Did I make a total fool of myself?
Was I unrealistic? Was I wrong to think, this time, maybe this time things will turn out differently?
I thought I had magic on my side. Not so much because of my writing, which frankly took a very long time to get off the ground. When I look back at some of my early efforts, I feel as if I have bitten into a lemon.
No, it was the subject matter, the discovery. When I jumped into this world, the story began to write itself, and I was certain I was on to a Sure Thing.
It was all about Harold Lloyd, sometimes called the Third Genius of silent film comedy. His life seemed unexplored, or at least not explored in the way Chaplin's or Keaton's had been. Turner Classics had just started showing his films, a lot of them, so it seemed as if every time I tuned in I saw him in some obscure short or other. Later I saw him in his full glory in the feature films that propelled him to greatness.
I was in love, and writing feverishly: a story had sprung up about a young woman going to Hollywood to fulfil her obsession with Harold Lloyd. And yes, I was aware the premise might be seen as cliche - the young girl getting off the bus and being awed by the Hollywoodland sign (as it existed then) - but my hope was that Harold's dynamism and quirky charm might win readers over.
I have never researched anything to this depth, and somehow I'm still doing it, finding bits and pieces that fascinate me, even though, at the same time, it's like being steadily kicked in the teeth.
When I allowed myself to fantasize - and for the love of God, what else do writers DO? - I saw this book soaring, finding a substantial readership for the first time. My first two novels were (wince) "critically acclaimed," code for "they didn't sell" . The Glass Character, a reference to Harold Lloyd's nickname for his screen persona, did not soar as I had expected, but plummeted like a shot partridge, landing with a sickening thud.
I am aware that since I last published in 2005, things have changed. Hell, everything has changed, even my own attitude. I anticipated a sort of
comeback, and after awhile it evolved into an expectation. I forgot all about the Ten Commandments which some rinkydink Charlton Heston of an instructor chiselled into my brain at some writer's conference: A writer must hope, but never expect.
What if we assumed that attitude towards, say, sex? Would the human race even exist any more? What is hope, anyway, except a form of expectation? In any case, I tried everything I could think of to get this book published and got absolutely nowhere. Very few even read the thing. Maybe the very idea of a novel about silent film seemed boring to them, something the public would never be interested in. Never mind that The Artist, a silent movie about silent movies, had just won Best Picture at the Oscars, one of the biggest upsets in film history, and Martin Scorsese's Hugo featured a Harold Lloyd scene with the main character dangling off the hands of a huge clock.
Did I lose my objectivity, fall in love with Harold Lloyd to the point that the story somehow went off the rails?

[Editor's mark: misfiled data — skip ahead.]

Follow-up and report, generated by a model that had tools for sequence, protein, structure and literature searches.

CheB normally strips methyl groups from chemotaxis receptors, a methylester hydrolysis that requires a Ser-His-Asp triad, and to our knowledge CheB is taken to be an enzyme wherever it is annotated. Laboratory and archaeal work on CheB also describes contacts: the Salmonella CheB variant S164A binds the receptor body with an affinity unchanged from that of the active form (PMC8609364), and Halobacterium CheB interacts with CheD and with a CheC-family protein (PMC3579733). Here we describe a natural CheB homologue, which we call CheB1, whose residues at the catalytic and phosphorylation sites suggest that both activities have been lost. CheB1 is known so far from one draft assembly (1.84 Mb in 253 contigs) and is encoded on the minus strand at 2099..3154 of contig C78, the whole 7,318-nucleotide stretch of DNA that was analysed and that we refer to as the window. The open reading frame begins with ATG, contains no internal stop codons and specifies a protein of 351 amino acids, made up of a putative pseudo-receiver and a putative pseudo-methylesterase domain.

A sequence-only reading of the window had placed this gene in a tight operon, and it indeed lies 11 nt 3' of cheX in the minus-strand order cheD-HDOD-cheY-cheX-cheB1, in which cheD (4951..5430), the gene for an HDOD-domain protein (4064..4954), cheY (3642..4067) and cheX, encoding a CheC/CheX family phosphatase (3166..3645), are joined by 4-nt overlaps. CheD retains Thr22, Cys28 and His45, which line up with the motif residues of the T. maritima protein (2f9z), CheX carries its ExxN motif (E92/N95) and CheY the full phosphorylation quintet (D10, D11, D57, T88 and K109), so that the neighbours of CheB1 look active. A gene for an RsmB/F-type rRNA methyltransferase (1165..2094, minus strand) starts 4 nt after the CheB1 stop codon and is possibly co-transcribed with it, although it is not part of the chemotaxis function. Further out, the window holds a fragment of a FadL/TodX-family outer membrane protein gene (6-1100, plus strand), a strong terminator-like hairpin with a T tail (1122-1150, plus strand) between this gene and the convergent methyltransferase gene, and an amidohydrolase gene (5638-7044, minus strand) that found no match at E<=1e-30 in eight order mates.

Did fascination somehow devolve into a crashing bore?
In my writer's life, it seems I've had mostly failure, if you count failure as rejection and not being able to get your projects off the ground. It's all about being noticed. Wagging your ass, as far as I am concerned. When I referred to wearing a clown suit the other day, I was talking about something that actually happened at a writer's seminar.
A woman who had had a formulaic detective novel published with a small press claimed that if you wanted to be published, you had to be "shamelessly self-promoting" and do anything and everything to get noticed.
"Wear bright colors!" she exclaimed. "Stand out! Make them remember you!" I remember she had an eye-assaulting orange shirt on with rainbow suspenders. It really did look clownish, as if Wavy Gravy had landed in the literary world.
I wonder about this "shameless" thing. So what is the opposite of "shameless"? "Shameful", I guess. The implication is that self-promotion is usually seen as shameful, something we simply must not do if we are to keep our dignity.
This is worse in Canada, it really is. We have to hate our own work, or at least disparage it and be modest about it to a clinical degree. And for God's sake, don't let anybody see it! At the same time, our heads are swivelled around 180 degrees by the (mostly-American) lecturers at the Surrey Conference who tell us to promote, promote, promote. Leap over the usual rules like Evel Knievel soaring over the Snake River Canyon. If you don't somehow make this leap (it used to be Oprah's book club, until even Oprah plummeted to the very last name on the Fortune 500 "50 Most Influential Women" list), you'll either be stuck in the perceived backwater of literary fiction, or will never publish at all.
Everyone seems to know that the main way to make the fabled leap is to "know the right people", but it's never spelled out exactly how you do this. Every attempt I haved made to contact people who might help me has been brushed off or ignored outright, leaving me feeling humiliated and stupid. Maybe you really do have to attend cocktail parties where everyone is slightly swacked, and rub your foot against an influential guy's leg under the tablecloth (or maybe tackle him in an empty conference room).